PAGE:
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ERIC Number: EJ1130574
Record Type: Journal
Publication Date: 2017
Pages: 21
Abstractor: ERIC
ISSN: ISSN-1071-4413
Freedom, Aesthetics, and the Agôn of Living in Maxine Greene's Philosophy
Baldacchino, John
Review of Education, Pedagogy & Cultural Studies, v39 n1 p18-38 2017
Maxine Greene's unique approach to education is primarily exciting because before she ever engages with teaching, or learning, or a school, or classroom, she engages with human beings who live in a society and who partake of its senses--the good, the bad, the beautiful, and the ugly. Before she engages in the mechanisms of education, she begins with how teachers and students feel; how, as existing beings they confront their life and make sense of it. Schools that will not give us the opportunity to engage with our sense of self would be nothing more than a factory where learning is computational and programmatic. Education without a sense of aesthetics is like a painting that we all know about but we could never see or experience. It is here that Maxine urges us to start painting murals once more, and to extend our dialogue and situatedness "far beyond the agencies and offices and even classrooms" (Greene ND, 13). While the author, John Baldacchino, does share his experience with those who cherish the image and memory of Maxine Greene, the optimist who believed in possibilities and who shared with everyone a sense of continuous hope, he also bears in mind and reminds others that Greene's work never presents an assured form of positing the world with unfounded hope or with an obsession of happiness at all costs--which so often characterizes the wholesale alienation of so many individuals with the deluded promises which, more often than not, distort the realities of contemporary society.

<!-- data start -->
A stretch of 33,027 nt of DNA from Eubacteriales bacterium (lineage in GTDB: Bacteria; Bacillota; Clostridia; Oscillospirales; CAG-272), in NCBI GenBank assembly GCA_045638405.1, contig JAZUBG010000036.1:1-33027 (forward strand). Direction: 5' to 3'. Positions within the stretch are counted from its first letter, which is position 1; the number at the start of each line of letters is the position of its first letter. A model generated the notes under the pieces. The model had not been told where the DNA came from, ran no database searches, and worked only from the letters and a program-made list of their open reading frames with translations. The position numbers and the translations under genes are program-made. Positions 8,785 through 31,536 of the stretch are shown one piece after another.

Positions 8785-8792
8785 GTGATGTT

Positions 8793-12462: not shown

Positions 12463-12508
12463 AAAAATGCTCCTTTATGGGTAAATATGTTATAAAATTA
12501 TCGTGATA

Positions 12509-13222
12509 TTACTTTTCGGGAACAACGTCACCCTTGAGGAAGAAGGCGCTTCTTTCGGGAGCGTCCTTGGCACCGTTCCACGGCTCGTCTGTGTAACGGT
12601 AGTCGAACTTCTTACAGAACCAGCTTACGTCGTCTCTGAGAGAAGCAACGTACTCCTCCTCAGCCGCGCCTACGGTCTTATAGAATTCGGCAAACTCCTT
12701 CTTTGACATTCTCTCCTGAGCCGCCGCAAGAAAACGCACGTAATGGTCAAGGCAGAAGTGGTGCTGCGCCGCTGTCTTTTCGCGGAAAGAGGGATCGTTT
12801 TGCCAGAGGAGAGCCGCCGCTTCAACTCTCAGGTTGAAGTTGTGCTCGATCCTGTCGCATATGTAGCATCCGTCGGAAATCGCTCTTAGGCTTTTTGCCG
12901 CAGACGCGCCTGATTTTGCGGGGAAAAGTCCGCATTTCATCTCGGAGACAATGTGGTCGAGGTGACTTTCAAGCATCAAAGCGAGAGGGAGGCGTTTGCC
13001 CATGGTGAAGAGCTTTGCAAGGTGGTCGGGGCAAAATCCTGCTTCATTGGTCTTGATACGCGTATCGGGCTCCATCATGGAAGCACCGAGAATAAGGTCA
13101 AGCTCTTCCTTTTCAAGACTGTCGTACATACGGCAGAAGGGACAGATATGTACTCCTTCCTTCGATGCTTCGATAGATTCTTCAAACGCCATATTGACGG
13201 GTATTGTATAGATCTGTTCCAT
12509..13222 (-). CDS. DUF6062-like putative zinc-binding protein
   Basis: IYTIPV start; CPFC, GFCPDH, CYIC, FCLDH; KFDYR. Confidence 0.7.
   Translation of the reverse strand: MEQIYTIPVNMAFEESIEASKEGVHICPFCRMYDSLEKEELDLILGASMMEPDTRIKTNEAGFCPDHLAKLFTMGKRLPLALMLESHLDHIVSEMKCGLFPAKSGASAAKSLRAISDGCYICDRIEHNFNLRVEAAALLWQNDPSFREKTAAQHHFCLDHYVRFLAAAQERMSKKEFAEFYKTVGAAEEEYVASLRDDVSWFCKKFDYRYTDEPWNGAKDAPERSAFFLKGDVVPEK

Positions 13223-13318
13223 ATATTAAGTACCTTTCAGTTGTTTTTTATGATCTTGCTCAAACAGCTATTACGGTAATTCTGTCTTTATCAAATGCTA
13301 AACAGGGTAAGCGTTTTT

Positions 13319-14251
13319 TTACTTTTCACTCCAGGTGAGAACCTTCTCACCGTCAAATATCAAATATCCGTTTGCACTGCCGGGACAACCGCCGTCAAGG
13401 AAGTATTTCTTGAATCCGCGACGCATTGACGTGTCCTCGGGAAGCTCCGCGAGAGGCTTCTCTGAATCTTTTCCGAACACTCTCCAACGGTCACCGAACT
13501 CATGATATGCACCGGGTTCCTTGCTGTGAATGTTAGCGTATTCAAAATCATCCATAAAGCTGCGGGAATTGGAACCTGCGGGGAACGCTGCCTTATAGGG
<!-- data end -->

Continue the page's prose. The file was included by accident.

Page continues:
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Publication Type: Journal Articles; Reports - Descriptive
Education Level: N/A
Audience: N/A
Language: English
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